Researchers describe how exactly ginger works to get rid of bad breath and how other food ingredients like citric acid affect our taste.
Human saliva contains a rich number of proteins and other complex molecules that play a role in our ability to taste and digest food, defend against foreign microbes, and other functional roles. Our saliva is estimated to have over 7400 proteins. Once someone tastes food or drinks, a series of reactions occur in saliva, including an increase in saliva production and a change in the types of proteins present in the saliva.
In a recent study, researchers detailed the types of changes that occur in saliva composition in the presence ginger. Specifically, they looked at how the enzyme called salivary sulfhydryl oxidase 1seems to increase in human saliva when exposed to 6-gingerol and how this helps to get rid of bad breath. This study was published in The Journal of Agricultural and Food Chemistry.
Volunteers from the Technical University of Munich in Germany enrolled in this study. The researchers collected saliva samples during the experiments. Saliva could be analyzed for composition and presence of certain components, such as sodium and amino acids.
Ginger changed proteins in saliva and decreased odor intensity
The researchers found that the protein composition of the saliva did change with 6-gingerol exposure. They were able to determine that the amount of sulfhydryl oxidase 1 could increase by 8 and 16 times when it is exposed to ginger.
When the 6-gingerol exposed saliva sample was exposed to 2-furfurylthiol (FFT), a component in foods like roasted coffee that contributes to a roast-like or sulfur-like odor, the FFT concentrations reduced. They found that the odor intensity was decreased with the influence of the 6-gingerol.
Overall, the authors suggested, that 6-gingerol increases the concentration of salivary enzyme sulfhydryl oxidase 1. Sulfhydryl oxidase 1 may then react with FFT – or other compounds in the same class as FFT that influence bad-breath odor associated with foods like roasted coffee – to get rid of bad breath.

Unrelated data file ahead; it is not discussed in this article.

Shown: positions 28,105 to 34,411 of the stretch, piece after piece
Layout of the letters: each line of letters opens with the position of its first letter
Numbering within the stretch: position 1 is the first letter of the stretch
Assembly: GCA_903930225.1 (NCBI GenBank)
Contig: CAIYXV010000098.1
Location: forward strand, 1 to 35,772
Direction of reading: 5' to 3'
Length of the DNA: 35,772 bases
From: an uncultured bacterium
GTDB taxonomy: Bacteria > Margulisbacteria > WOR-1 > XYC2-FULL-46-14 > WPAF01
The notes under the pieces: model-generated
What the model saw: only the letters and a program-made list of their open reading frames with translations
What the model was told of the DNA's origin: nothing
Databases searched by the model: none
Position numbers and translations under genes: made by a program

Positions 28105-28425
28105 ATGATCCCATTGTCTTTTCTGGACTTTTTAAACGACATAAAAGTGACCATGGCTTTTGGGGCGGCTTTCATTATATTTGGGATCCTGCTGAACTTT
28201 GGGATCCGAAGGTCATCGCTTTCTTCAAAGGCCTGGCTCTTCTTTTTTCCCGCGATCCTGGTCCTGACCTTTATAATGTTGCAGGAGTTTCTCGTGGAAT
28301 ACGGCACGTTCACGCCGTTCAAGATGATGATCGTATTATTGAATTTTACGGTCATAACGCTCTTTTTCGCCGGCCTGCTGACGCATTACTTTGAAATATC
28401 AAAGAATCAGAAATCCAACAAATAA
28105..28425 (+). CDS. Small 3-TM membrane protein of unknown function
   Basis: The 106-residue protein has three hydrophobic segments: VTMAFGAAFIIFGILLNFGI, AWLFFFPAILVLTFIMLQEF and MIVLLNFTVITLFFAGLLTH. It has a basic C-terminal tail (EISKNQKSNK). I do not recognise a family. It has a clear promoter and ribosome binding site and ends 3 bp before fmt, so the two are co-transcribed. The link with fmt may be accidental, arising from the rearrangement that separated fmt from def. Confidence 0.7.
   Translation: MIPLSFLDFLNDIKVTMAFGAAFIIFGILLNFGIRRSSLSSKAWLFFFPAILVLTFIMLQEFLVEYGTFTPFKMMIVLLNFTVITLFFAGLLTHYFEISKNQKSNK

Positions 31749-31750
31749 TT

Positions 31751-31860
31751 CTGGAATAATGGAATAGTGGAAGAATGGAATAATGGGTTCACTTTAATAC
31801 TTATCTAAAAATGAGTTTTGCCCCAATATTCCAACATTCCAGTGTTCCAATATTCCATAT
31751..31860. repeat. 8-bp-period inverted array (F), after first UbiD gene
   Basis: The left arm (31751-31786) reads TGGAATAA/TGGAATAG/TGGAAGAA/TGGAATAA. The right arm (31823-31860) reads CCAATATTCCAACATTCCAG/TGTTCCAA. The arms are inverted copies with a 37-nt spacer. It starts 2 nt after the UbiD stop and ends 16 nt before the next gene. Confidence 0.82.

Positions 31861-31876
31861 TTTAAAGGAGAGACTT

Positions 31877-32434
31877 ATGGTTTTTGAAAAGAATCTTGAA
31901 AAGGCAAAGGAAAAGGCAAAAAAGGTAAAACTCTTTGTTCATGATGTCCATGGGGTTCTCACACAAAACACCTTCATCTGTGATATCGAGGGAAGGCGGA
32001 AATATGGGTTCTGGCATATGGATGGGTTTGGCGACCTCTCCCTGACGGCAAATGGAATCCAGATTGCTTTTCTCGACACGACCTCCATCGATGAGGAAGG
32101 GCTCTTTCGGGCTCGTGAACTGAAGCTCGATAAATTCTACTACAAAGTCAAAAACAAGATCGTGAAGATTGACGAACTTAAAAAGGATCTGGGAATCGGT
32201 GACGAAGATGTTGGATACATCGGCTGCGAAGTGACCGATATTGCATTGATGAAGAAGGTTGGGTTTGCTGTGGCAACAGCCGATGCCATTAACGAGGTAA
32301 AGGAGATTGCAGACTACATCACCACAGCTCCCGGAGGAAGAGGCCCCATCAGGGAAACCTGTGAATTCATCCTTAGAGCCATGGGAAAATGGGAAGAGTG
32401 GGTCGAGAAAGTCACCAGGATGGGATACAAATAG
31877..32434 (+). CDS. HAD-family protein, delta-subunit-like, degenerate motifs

The authors also suggest that there may be other mechanisms or components that also contribute to this pathway. They speculate that there may be advantages to the field of oral care if more research is made on the mechanisms contributing to chemosensory perception.
Citric acid reduces salty tastes
The researchers also examined how saliva changes when it is exposed to other food ingredients such as citric acid and aspartame, among others. Citric acid was shown to have the largest response. In addition to increased salivation, minerals such as sodium increased in the saliva in response to citric acid.
In another experiment where they used panelists to rate the saltiness of a sodium chloride solution (similar to table salt)after tasting a citric acid solution, the panelists noted that the salt solutions tasted less salty. Finally, at least in the citric acid example, changes in salivary composition seem to affect taste perception.
More research in the field of chemosensory stimulation, including odor and taste sensitivity, may pose a future advantage in oral health, among other fields.
Written by Olajumoke Marissa Ologundudu B.Sc. (Hons)
- Bader M, Stolle T, Jennerwein M, Hauck J, Sahin B, Hofmann T. Chemosensate-Induced Modulation of the Salivary Proteome and Metabolome Alters the Sensory Perception of Salt Taste and Odor-Active Thiols. J Agric Food Chem.2018;66(29):7740-7749. doi: 10.1021/acs.jafc.8b02772.
- Technical University of Munich. How food ingredients affect our taste perception Pungent tasting substance in ginger reduces bad breath. Technical University of Munich (2018). https://www.tum.de/nc/en/about-tum/news/press-releases/detail/article/34844/